Empress Dowager Ci'an

From Academic Kids

Empress Dowager Ci'an (慈安太后) (1837 - April 8, 1881), popularly known in China as the Eastern Empress Dowager (東太后), and officially known posthumously as Empress Xiaozhen Xian (孝貞顯皇后), was the empress consort of the Xianfeng Emperor (b.1831– d.1861) of the Manchu Qing Dynasty in China, and then empress dowager after 1861. Born Lady Niohuru, she was the daughter of Muyangga, an official from a powerful Manchu family, the Niohuru clan. Her mother was the concubine Lady Giyang, of the Giyang clan.

Missing image
Cian.jpg
Ci'an, perhaps around the time she became empress consort

She entered the Forbidden City in the late 1840s, and served as a maid, or lady-in-waiting, in the apartments of the crown prince, the future Xianfeng Emperor. At the time, the principal wife of the crown prince was the Lady Sakda (Sakota), of the (Manchu) Sakda clan, who was made posthumously Empress Xiaode Xian (孝德顯皇后). The Lady Sakda died on January 24, 1850. The next month, on February 25, the Daoguang Emperor also died. Thus, the crown prince became the Xianfeng Emperor, but was left without an empress.

Two years later, in the end of March or beginning of April 1852, after a proper mourning period, the Lady Niohuru was made an imperial concubine of the fourth rank (嬪), and was given the name Zhen (貞 - meaning "upright", "virtuous", "faithful to the memory of one's husband" [i.e. by remaining chaste after his death and not remarrying]). In the end of June or beginning of July of the same year, she was promoted from Concubine of the fourth rank Zhen (貞嬪) to Concubine of the second rank Zhen (貞貴妃). Then on July 24, 1852 she was officially made empress (皇后).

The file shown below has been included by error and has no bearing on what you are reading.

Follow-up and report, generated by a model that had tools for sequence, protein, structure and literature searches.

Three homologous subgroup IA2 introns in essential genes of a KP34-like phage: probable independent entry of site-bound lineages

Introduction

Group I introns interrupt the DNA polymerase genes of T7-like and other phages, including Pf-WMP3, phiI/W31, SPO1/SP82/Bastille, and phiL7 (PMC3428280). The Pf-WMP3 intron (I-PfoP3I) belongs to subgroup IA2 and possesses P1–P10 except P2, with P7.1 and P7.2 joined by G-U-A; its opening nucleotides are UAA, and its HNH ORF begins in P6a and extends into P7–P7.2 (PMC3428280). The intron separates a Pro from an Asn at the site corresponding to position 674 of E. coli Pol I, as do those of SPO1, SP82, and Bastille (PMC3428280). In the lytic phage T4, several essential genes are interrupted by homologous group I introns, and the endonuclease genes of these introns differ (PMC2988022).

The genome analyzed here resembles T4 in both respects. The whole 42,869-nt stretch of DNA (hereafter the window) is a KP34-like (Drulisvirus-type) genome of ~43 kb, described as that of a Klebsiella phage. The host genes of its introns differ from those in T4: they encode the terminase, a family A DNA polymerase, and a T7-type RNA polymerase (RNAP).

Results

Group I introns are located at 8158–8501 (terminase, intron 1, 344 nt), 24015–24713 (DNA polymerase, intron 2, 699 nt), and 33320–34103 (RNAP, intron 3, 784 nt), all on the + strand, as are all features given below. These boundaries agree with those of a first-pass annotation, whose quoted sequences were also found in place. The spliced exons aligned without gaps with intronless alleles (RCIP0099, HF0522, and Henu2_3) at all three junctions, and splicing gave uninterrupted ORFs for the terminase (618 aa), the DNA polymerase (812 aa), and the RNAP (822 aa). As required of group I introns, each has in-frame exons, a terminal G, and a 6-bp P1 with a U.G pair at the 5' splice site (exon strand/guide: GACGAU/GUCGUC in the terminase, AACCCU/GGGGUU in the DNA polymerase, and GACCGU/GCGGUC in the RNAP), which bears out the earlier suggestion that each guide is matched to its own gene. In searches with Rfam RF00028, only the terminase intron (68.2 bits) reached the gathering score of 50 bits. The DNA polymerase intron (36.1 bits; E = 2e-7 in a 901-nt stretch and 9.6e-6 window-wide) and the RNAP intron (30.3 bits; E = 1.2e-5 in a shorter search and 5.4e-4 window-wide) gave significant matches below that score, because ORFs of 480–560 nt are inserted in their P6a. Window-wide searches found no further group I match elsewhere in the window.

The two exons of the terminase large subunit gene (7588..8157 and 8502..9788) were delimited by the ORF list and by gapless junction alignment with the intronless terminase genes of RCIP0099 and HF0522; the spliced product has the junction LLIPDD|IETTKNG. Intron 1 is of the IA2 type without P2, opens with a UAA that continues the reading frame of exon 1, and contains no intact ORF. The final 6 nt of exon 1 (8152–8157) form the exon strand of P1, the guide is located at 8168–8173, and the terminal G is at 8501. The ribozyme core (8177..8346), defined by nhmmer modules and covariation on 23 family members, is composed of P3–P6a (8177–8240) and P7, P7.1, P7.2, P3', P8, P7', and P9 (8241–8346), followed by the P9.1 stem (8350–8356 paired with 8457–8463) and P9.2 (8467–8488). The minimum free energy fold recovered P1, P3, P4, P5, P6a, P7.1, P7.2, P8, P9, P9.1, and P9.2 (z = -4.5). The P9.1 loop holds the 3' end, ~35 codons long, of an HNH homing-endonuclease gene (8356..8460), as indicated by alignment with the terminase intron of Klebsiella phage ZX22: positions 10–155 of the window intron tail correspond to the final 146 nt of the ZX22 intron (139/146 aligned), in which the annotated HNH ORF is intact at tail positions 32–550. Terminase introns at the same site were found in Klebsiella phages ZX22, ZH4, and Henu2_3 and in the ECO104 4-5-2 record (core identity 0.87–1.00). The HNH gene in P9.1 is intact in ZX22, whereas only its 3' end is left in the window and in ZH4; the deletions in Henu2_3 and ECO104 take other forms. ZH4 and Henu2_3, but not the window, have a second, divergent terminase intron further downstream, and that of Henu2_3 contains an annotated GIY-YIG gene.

She was unable to produce a male heir, and it was the concubine of the fourth rank Yi (懿嬪), later known as Empress Dowager Cixi, who succeeded in giving a son to Xianfeng in April 1856. On August 22, 1861, in the wake of the Second Opium War, Xianfeng died at the Rehe Traveling Palace (熱河行宫), 230 km./140 miles northeast of Beijing, where the imperial court had fled. His heir, the son of the concubine Yi, who was about to become the Tongzhi Emperor, was only 5-year-old. As a consequence, the imperial family was shaken by a struggle over who would assume the regency. Eventually, in November 1861, the concubine Yi, with the help of Prince Gong (恭親王), staged a palace coup known as the Xinyou Coup (辛酉政變), had the opposing princes commit suicide and their leader the Manchu official Sushun (肅順) beheaded, and succeeded in securing the power into her hands and those of the empress consort.

The concubine Yi was officially made "Holy Mother ¹ Empress Dowager" (聖母皇太后), a high privilege considering that she had never been empress consort while Xianfeng was alive. She was privileged to become empress dowager only because she was the biological mother of the new emperor. She was also given a honorific name (徽號) which was Cixi (慈禧 - meaning "motherly and auspicious"). As for the empress consort, she was made "Empress Mother Empress Dowager" (母后皇太后), a title giving her precedence over Cixi, and she was given the honorific name Ci'an (慈安 - meaning "motherly and calming"). As she dwelled in the eastern part of the Forbidden City, Ci'an became popularly known as the Eastern Empress Dowager (東太后), while Cixi, who dwelled in the western part of the Forbidden City became known as the Western Empress Dowager (西太后).

On several occasions after 1861, Ci'an was given additional honorific names (two Chinese characters at a time), as was customary for emperors and empresses, until by the end of her life her name was a long even string of characters starting with Ci'an.